The infamous saga of Elizabeth A. Holmes has been well-documented in popular media. Between an HBO documentary, a Wall Street Journal exposé, a plethora of podcasts, and a star-studded Hulu series, all chronicling the rise and fall of her fraudulent biotech company Theranos, it seems just about everyone has an opinion of Holmes.
Theranos Inc. was a healthcare startup — valued at $10 billion at its zenith in 2013 and 2014 — once considered to be on the cusp of revolutionizing the blood-testing industry. Founded by Holmes, a Stanford dropout, in 2003, Theranos quickly garnered funding from an illustrious set of big-name investors, with Holmes touting her company’s technology as a way to run hundreds of medical tests with a single drop of blood. However, in 2015, the technology at the core of Theranos was ultimately exposed as a massive deception. Holmes was convicted of fraud in January of this year.
But before Theranos came crashing down, Holmes raised over $700 million from high-profile investors, drawing numerous distinguished personalities to her company’s corporate board. While conning a slew of A-list investors, Holmes was also courting a different kind of prestige: a seat on Harvard Medical School’s Board of Fellows.
The Harvard Medical School Board of Fellows is a non-fiduciary board created in 1990. Board members serve as external advisors to the leadership of the school and provide counsel on topics related to the strength, health, and well-being of the institution.
Before the fall of Theranos, many on the Board were excited at the possibility of having Holmes — a rising star in the biotech industry — join their ranks. What they didn’t anticipate was that her time at HMS would be so short-lived and riddled with controversy.
‘She Might Learn Something New’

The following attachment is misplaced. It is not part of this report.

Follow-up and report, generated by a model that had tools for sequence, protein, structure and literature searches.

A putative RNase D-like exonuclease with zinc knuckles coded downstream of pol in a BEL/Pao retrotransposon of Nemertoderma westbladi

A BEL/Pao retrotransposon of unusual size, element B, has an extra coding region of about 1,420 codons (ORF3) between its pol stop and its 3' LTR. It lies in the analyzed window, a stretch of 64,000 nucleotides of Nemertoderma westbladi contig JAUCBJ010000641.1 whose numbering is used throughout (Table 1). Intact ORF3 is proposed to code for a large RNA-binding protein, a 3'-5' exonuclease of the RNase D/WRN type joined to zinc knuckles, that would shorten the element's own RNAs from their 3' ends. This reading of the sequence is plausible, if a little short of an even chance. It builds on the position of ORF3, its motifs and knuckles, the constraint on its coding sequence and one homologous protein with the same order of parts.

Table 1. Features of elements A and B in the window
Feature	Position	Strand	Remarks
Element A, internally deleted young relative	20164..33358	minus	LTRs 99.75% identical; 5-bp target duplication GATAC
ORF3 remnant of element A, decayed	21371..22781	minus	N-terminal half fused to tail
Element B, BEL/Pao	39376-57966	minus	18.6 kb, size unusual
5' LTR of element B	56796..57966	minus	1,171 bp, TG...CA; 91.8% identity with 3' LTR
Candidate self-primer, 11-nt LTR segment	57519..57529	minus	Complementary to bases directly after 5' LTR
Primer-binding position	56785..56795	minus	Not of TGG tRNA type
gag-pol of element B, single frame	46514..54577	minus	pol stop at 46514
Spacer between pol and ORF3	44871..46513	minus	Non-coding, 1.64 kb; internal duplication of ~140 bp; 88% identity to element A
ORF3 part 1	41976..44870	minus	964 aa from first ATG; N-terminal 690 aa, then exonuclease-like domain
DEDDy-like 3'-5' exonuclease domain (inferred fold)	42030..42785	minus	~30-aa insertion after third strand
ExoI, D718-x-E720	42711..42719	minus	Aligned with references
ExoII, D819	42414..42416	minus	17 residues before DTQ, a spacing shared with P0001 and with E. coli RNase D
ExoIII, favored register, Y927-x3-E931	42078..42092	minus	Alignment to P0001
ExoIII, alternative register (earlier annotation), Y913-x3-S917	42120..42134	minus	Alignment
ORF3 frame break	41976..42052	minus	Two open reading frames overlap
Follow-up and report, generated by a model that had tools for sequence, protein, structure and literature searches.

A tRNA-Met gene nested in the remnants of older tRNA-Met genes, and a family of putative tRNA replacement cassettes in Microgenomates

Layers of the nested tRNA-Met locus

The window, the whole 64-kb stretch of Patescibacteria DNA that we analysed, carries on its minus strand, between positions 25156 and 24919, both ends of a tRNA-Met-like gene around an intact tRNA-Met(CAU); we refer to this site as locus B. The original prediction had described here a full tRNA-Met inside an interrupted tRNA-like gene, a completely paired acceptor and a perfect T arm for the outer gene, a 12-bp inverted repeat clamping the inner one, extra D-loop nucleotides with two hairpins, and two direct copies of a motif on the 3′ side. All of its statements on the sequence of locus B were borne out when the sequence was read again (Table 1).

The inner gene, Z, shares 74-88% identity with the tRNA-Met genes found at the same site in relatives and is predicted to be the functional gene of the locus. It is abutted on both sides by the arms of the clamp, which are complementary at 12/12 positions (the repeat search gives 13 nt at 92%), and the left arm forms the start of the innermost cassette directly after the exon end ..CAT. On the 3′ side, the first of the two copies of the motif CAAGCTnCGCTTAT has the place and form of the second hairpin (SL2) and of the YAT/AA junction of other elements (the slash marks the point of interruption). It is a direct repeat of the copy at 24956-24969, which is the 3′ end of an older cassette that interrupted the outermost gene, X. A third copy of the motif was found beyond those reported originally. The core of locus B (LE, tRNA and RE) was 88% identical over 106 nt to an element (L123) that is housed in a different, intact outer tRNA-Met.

In 2015, then-Dean of Harvard Medical School Jeffrey S. Flier received a call from a senior professor at Harvard Business School who hoped Holmes would deliver a keynote address at their upcoming healthcare symposium.
The professor wanted Flier to connect him with William H. Frist, a member of the HMS Board of Fellows who also happened to sit on the board of Theranos. “A keynote address to that group would have been quite an important role,” Flier says.
Soon, Flier would have other hopes for Holmes — courting her to join the HMS Board herself.
The Board is “designed to be a highly accomplished group of people with whom we have regular contact and are informed about what the school is doing, what the future activities are, what the challenges are,” Flier says.
Frist told Flier that Holmes had to pass on the opportunity due to a scheduling conflict, but that she would be happy to meet with Flier if she was ever in Boston or he found himself in Palo Alto, California, the site of Theranos headquarters.
Later that year, Holmes found herself on Harvard’s campus to receive an award, and her office reached out to set up a meeting with Flier. The pair had lunch in a private room at the Faculty Club, “with one of her guards posted outside,” according to Flier.